Located in front of Punta Canfali or the “Balcón del Mediterráneo”, it's a reference point which divides Benidorm's Levante and Poniente beaches.
The island is uninhabited at present, but it hasn`t always been deserted. There is evidence of an important fishing base in the Neolithic period, over 7,000 years ago.
During various centuries, pirates used to use the island as a base for their attacks on coastal towns. The existing wildlife is of interest, but it´s the island's water environment with its crystal clear waters that fascinates its visitors.
Fishing has been regulated around the island since the 16th century, Benidorm and Vila Joiosa's fishing fleets have alternated fishing this once very abundant exploitation.
Given the island's ecological interest, the Benidorm City Council studied in 1990 the possibility of declaring the island a marine reserve, as its marine ecosystem boasts of a great variety of habitats.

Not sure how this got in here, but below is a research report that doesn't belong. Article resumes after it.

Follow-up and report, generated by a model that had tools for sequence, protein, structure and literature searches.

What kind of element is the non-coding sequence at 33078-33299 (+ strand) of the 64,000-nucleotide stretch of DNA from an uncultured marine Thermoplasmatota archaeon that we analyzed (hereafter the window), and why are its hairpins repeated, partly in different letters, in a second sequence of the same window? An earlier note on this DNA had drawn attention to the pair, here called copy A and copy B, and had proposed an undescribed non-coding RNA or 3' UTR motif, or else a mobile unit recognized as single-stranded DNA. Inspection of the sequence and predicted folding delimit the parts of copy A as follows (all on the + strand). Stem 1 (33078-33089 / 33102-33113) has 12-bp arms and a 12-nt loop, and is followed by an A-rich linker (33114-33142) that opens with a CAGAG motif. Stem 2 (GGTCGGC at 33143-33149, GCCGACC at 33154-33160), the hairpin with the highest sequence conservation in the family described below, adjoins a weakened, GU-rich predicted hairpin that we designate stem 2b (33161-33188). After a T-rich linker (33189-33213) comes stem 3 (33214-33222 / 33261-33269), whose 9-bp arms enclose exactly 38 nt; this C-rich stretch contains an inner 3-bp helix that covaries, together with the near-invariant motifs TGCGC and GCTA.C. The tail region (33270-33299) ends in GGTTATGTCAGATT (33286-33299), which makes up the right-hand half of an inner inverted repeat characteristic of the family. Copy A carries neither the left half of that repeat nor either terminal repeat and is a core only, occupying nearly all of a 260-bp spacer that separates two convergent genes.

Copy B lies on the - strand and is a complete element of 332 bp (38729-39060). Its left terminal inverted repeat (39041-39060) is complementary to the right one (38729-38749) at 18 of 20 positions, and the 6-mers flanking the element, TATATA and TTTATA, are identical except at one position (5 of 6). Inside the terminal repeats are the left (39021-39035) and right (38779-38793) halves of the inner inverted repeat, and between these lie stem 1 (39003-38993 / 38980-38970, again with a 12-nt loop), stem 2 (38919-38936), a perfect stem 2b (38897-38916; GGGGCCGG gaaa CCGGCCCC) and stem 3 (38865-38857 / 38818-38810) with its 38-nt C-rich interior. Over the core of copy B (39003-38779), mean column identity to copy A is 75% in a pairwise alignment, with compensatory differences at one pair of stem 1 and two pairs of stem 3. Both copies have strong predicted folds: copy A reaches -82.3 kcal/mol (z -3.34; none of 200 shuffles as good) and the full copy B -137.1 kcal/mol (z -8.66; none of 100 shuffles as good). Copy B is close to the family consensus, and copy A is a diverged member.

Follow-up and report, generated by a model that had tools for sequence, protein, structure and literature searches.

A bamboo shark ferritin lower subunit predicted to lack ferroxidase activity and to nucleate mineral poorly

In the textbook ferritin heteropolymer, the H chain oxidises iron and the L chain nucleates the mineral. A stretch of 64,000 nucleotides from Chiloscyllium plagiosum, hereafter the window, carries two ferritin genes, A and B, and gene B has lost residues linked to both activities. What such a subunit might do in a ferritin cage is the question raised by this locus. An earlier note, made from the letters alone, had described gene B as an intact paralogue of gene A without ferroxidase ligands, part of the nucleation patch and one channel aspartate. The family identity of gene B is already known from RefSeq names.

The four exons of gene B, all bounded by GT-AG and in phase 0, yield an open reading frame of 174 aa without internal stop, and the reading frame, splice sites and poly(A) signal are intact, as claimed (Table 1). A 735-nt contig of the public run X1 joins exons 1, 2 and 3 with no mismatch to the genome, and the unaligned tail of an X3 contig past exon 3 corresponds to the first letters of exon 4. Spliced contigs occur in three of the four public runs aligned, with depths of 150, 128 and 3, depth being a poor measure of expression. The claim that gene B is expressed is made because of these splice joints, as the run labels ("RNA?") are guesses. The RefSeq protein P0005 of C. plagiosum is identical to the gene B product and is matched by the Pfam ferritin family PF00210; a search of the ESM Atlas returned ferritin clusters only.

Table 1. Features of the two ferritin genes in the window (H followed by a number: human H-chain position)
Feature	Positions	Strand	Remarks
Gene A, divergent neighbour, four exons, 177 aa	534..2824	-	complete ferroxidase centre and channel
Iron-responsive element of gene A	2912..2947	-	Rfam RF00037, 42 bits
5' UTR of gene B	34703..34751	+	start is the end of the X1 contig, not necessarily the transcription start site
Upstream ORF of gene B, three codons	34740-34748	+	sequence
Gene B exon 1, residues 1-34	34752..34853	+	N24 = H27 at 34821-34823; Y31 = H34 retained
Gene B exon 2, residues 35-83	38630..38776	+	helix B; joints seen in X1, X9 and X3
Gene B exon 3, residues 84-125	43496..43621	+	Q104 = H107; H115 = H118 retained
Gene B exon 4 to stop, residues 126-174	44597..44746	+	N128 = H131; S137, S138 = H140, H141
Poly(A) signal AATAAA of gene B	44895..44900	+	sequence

It gave refuge to several families from Benidorm and Villajoyosa who had fleed from their towns in the 1834 cholera epidemic. Centuries before, pirates had employed it as a base for their attacks on coastal villages.
The island's seabed has certainly boasted a great abundance of fish, and has always been highly coveted by divers and scuba divers. The exploitation of its waters had always been reserved for Benidorm but in 1506 King Fernando extended this privilege to the town of Villajoyosa.
The island is 350 m long by 260 m wide and has 6.57 Ha. It is 7,3 m at its highest point and 2.5 nautical miles away from Benidorm.